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Royal Albert Hall’s £3m Grand Tier Box evades buyer

How much would you pay to have a permanent seat at an historic London venue, a stone’s throw from the Royal Family’s box, to enjoy some of the world’s greatest productions?

Clearly, the almost-£3m ($4m/€3.5m) asking price for a ‘magnificent 12-seat Grand Tier box’ at the Royal Albert Hall is too much, as it has been on the market since 2017.

The Grand Tier box is listed on luxury property agents Harrods Estates, and is located on the eastern side of the auditorium. It is near numerous bars and restaurants, allowing for the owner to ‘entertain’ their ‘guests in style’ according to the property posting. 

It is listed for £2.75m with the additional fees on top. 

Harrods’ listing reads: “A very rare opportunity to purchase a magnificent 12-seat Grand Tier box in the world’s most prestigious concert hall.

“Seatholders are entitled access to their seats for all Ordinary lettings, which amount to approximately two thirds of the performances in the Hall in any 12-month period.”

The Royal Albert Hall was opened by Queen Victoria in 1871 and is named after husband, Prince Albert, who had died six years before the venue’s opening. 

It can seat 5,272 people and holds performances from international artists and performers of all genres, as well as the Proms, which has been held at the Hall since 1941.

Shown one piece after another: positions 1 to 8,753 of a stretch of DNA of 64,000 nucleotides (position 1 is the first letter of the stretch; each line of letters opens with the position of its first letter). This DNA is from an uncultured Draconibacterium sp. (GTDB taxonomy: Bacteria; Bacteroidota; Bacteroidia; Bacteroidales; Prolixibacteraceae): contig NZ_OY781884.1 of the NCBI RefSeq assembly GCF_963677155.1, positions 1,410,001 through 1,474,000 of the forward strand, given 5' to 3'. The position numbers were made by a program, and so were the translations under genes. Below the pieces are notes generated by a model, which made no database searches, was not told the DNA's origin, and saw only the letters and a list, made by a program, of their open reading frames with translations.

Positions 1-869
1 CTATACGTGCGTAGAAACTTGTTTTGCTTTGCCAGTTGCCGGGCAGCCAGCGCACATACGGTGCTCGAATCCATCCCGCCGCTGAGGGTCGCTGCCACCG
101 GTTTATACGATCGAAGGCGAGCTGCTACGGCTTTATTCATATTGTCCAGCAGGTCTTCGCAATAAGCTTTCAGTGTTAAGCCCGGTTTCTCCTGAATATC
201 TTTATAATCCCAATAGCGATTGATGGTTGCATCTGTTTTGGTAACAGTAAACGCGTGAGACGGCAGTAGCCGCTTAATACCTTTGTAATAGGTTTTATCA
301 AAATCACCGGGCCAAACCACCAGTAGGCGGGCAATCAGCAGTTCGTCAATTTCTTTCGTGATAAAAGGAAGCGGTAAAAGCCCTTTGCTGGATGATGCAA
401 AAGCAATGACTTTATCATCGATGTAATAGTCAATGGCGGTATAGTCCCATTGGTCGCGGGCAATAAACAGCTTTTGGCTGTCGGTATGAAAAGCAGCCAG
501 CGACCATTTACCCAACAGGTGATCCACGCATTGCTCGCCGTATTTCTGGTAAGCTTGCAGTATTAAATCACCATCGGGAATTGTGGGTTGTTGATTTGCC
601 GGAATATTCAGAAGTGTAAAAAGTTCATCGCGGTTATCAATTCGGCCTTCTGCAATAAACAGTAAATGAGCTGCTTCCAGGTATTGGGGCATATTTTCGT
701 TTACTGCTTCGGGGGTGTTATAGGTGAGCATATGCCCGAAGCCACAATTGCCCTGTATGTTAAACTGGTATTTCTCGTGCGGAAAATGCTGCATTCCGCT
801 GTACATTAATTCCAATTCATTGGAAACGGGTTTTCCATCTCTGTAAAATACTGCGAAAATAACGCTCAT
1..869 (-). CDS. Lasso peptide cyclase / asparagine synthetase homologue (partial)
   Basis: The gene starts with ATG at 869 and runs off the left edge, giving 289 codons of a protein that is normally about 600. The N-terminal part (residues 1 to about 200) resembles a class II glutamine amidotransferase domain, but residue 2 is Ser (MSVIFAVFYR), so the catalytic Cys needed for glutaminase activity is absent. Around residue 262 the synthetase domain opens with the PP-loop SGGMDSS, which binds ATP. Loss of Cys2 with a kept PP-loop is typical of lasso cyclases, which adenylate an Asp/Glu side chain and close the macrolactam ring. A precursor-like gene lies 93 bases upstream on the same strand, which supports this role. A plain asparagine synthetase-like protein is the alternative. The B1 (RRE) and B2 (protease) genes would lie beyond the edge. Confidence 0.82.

There are some 1,276 ‘permanent’ seats in the Hall, owned by private individuals and corporates, and are located in both boxes and the stalls. 

At present, there are also three stalls locations on offer, ranging from £280,000 to £300,000 (which appears to have since been sold), as well as a five-seat box for a cool £1m. 

Each location on offer in the stalls features a pair of seats, with one listing boasting £290,000 as the asking price, which is considered ‘under offer’. 

The seat-holder leases run for the same period as the lease on the Royal Albert Hall itself, which is for 999 years from 1867. 

After being on the market for five years, it appears that even the richest folk will not fork out £3m for a continuous ticket to watch live entertainment at one of the world’s most iconic venues. 

Images: Raphaël Tomi-Tricot on Unsplash and A View from My Seat